Figure 3: FTIR spectra of hydrotreated oil at different temperatures with WHSV of 3 min−1 with 20% USY/Al2O3 without metallic active phase.

It is observed that at higher USY zeolite/alumina ratio, there is a higher acid activity like sulfur-type catalysts such as Co-Mo and Ni-Mo, with conversions above 60% at residence times, like those reported for other catalysts [23].

From the analysis by FTIR, a shift to low frequencies in the wave number is observed by the presence of characteristic peaks of carbonyl and carboxyl groups. These representing the formation of compounds with functional groups of ketones and aldehydes which are considered as the first intermediate products generated in the hydrotreatment process [24] after the disintegration of the triglyceride, this information will be corroborated by gas chromatography coupled to mass spectroscopy.

The absorption band shift was recorded with a wavelength of 1743 to 1710 cm−1 corresponding to group (C = O) characteristic of ketones and aliphatic aldehydes Figure 4 unlike the group (C = O) of the fatty acids that has a lower stability because of not containing the (OH) group. The signal from this group increases its absorbance by increasing the operating temperature of the hydrotreatment process, which indicates that more fatty acid reduction is present at higher operating temperatures [25].

Figure 4: Displacement of absorption bands in hydrotreated samples with 20% USY catalyst with WHSV of 35.28 h−1.

With the formulation of the 20% USY/Al2O3 catalyst, platinum particles were incorporated by the incipient wetness impregnation method. To this end, a solution of chloroplatinic acid H2PtCl6 was prepared from the grams of platinum to be incorporated into the matrix of 0.01, 0.05, and 0.1 g, respectively, with a comparison being made between the catalytic activities for each formulation of the bifunctional catalyst.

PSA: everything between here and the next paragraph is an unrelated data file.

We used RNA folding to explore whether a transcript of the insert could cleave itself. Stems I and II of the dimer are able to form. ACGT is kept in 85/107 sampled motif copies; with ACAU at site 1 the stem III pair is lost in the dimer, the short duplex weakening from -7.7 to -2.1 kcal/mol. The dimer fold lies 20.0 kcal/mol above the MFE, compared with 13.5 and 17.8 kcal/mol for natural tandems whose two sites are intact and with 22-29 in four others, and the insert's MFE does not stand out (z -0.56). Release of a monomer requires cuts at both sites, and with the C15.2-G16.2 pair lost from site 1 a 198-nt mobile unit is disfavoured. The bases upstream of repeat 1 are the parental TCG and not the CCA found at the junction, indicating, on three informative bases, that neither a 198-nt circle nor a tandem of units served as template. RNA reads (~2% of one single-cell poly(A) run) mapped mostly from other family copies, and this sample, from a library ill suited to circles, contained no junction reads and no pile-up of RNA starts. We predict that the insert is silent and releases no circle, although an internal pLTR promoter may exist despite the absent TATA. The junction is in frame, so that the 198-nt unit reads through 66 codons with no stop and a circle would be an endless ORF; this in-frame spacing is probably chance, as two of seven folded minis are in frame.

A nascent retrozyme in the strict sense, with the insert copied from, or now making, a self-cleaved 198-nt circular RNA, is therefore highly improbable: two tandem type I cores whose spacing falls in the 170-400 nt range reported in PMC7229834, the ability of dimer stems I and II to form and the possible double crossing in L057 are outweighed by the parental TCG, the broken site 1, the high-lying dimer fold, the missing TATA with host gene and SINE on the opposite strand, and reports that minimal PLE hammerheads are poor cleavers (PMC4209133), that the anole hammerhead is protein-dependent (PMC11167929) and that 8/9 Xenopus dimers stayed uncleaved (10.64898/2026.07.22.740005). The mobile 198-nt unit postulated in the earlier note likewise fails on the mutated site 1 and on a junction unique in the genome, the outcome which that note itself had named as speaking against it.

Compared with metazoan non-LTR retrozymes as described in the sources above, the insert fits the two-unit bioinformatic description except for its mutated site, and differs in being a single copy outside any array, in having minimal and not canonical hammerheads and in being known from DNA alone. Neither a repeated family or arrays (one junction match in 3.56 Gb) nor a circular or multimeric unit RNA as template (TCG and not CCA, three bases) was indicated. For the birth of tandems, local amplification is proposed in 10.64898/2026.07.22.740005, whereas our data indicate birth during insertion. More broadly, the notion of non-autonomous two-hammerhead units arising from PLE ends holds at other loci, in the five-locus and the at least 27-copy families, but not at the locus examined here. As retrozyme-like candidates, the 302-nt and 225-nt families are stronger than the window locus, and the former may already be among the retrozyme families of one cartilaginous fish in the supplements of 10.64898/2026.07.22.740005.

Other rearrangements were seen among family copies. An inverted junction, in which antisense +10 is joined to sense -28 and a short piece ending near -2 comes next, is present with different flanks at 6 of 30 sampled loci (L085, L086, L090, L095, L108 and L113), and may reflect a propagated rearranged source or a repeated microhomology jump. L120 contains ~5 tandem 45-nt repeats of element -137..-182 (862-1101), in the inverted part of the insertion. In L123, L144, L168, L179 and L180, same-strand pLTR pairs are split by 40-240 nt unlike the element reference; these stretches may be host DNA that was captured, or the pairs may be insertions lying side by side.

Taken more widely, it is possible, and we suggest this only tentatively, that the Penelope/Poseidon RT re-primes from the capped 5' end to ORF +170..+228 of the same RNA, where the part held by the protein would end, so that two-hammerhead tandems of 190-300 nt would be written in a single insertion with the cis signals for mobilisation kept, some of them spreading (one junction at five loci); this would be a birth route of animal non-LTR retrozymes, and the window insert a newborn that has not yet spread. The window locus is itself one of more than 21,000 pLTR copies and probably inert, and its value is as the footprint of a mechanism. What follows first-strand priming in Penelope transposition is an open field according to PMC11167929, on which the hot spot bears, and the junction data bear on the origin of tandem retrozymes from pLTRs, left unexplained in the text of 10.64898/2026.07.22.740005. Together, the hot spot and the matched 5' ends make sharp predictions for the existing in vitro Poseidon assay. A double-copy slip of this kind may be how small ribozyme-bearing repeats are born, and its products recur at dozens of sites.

The results show that the catalyst with the highest activity to hydrocarbon transformation is the formulation with 20% of zeolite USY/Al2O3 with a percentage of 0.01% Pt (Figure 5). Since at higher percentages, the metallic phase does not allow the transition towards the acid phase, which results in a rapid saturation of the free fatty acids not allowing molecular cracking reactions [26]. The total triglyceride conversion is proportionality to temperature. At 310°C, conversion levels reach 20% with 0.01% Pt loaded; at 350°C, conversion levels increase until 40%; and finally at 390°C, conversion levels increase to 75% at WHSV 35.3 h−1.

Figure 5: Comparative catalytic activity in samples hydrotreated by FTIR at different temperatures and WHSV with platinum-loaded 20% USY/Al2O3 catalyst. (black square) 0.01% Pt WHSV = 176.4 h−1; (light gray square) 0.01% Pt WHSV = 35.28 h−1; and (dark gray square) 0.05% Pt WHSV = 35.28 h−1.
3.2. CG/MSD

A comparative study of the degree of reaction progression by FTIR and CG/MSD was carried out, where it was observed (Figure 6) that there is a higher degree of advancement by FTIR compared to CG/MSD for the same samples; with increasing temperature at 390°C, there is a significant difference between the yields for the same catalyst formulation.

Figure 6: Comparative maximum conversion and hydrotreated samples by FTIR and CG/MSD at different temperatures with catalyst 0.01% Pt and 20% USY/Al2O3 at WHSV = 35.28 h−1.

Despite this, both analytical techniques coincide in the formulation of the catalyst with 20% of zeolite USY/Al2O3 with a percentage of 0.01% Pt as the formulation of greater activity in the hydrotreatment process. The discrepancies in absorbance values obtained by FTIR are overestimated by the presence of compounds with similar C = O binding. This is attributed to the formation of light fatty acids of lower molecular weight compared to the initials present in the triglyceride. It is known that in the process, hydrotreating occurs first before hydrocracking [27]. Whereby at a temperature of 310°C, there is more hydrogenation/dehydrogenating activity than acidic activity [28].